The Circulatory System Part II: The Heart and Circulation of Bloodcontents:1. Location of the Heart2. Structure of the Heart3. The Valves4. Branching Blood Vessels5. The Circulation of Blood* picture of the heart and its parts* picture of the body and some of its organsLocation of the HeartThe center of the circulatory system is the heart, which is the main pumpingmechanism. The heart is made of muscle. The heart is shaped something like a cone,with a pointed bottom and a round top. It is hollow so that it can fill up with blood.An adult’s heart is about the size of a large orange and weighs a little less than apound.The heart is in the middle of the chest. It fits snugly between the two lungs. It is heldin place by the blood vessels that carry the blood to and from its chambers. The heartis tipped somewhat so that there is a little more of it on the left side than on the right.The pointed tip at the bottom of the heart touches the front wall of the chest. Everytime the heart beats it goes “thump” against the chest wall. You can feel the thumps ifyou press there with your hand. You can also listen to them with your ear.* picture of the heart and its parts* picture of the body and some of its organsStructure of the Heart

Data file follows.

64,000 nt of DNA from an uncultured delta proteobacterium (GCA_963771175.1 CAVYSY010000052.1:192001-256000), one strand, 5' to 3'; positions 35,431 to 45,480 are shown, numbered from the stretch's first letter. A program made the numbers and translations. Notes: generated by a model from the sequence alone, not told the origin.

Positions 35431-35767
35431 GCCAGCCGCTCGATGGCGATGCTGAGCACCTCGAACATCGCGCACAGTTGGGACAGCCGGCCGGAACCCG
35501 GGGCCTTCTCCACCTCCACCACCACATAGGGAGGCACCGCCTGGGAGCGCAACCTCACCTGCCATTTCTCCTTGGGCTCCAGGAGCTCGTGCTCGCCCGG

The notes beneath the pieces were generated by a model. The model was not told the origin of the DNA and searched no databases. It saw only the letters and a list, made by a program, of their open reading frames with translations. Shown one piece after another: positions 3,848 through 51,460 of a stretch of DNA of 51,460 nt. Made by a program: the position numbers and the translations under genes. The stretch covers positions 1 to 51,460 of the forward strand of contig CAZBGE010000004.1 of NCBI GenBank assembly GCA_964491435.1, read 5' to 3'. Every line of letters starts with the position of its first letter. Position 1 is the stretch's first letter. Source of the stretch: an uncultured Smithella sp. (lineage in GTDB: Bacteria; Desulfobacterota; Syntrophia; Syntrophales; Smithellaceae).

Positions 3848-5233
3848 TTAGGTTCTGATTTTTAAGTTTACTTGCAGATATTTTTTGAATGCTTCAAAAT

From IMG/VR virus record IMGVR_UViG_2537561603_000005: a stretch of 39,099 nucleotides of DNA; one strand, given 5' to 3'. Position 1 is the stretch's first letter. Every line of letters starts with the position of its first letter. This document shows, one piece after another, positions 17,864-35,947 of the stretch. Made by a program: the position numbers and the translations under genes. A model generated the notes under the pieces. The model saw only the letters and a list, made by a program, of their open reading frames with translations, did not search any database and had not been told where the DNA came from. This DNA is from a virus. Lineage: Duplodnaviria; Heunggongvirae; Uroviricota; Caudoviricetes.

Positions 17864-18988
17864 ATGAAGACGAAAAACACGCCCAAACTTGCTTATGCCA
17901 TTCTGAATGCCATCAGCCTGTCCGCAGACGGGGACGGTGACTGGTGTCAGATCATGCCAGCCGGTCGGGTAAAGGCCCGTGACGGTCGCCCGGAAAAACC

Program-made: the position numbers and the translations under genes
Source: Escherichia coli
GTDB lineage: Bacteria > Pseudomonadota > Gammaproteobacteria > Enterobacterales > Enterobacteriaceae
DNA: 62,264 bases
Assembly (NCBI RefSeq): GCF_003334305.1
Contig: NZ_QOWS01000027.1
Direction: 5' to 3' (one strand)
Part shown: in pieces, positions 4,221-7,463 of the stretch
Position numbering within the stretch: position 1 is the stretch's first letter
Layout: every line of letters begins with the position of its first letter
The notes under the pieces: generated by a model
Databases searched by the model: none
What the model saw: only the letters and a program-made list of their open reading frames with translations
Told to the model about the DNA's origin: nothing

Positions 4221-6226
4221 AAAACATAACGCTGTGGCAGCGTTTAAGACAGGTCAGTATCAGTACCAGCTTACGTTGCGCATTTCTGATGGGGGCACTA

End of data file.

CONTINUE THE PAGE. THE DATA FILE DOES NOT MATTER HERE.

If you looked inside your heart, you would see that a wall of muscle divides it downthe middle, into a left half and a right half. The muscular wall is called a septum. Theseptum is solid so that blood cannot flow back and forth between the left and righthalves of the heart. Another wall separates the rounded top part of the heart from thecone-shaped bottom part. So there are actually four chambers (spaces) inside theheart. Each top chamber is called an atrium (plural: atria). The bottom chambers arecalled ventricles. The atria are often referred to as holding chambers, while theventricles are called pumping chambers. Thus, each side of the heart forms its ownseparate system, a right heart and a left heart. Each half consists of an atrium and aventricle, and blood can flow from the top chamber to the bottom chamber, orventricle, but not between the two sides.The ValvesBlood can flow from the atria down into the ventricles because there are openings inthe walls that separate them. These openings are called valves because they open inone direction like trapdoors to let the blood pass through. Then they close, so theblood cannot flow backwards into the atria. With this system, blood always flows inonly one direction inside the heart. There are also valves at the bottom of the largearteries that carry blood away from the heart: the aorta and the pulmonary artery.These valves keep the blood from flowing backward into the heart once it has beenpumped out.* picture of the heart and its parts* picture of the body and some of its organsBranching Blood VesselsThe heart is a pump whose walls are made of thick muscle. They can squeeze(contract) to send blood rushing out. The blood does not spill all over the place whenit leaves the heart. Instead, it flows smoothly in tubes called blood vessels. First, theblood flows into tubes called arteries. The arteries leaving the heart are thick tubes.But the arteries soon branch again and again to form smaller and smaller tubes. Thesmallest blood vessels, called capillaries, form a fine network of tiny vesselsthroughout the body. The capillaries have extremely thin walls so that the blood thatthey carry can come into close contact with the body tissues. The tiny red blood cellscan then pass easily through the walls of the capillaries to deliver the oxygen theycarry to nearby cells. As the blood flows through the capillaries, it also collects carbondioxide waste from the body cells. The capillaries containing carbon dioxide return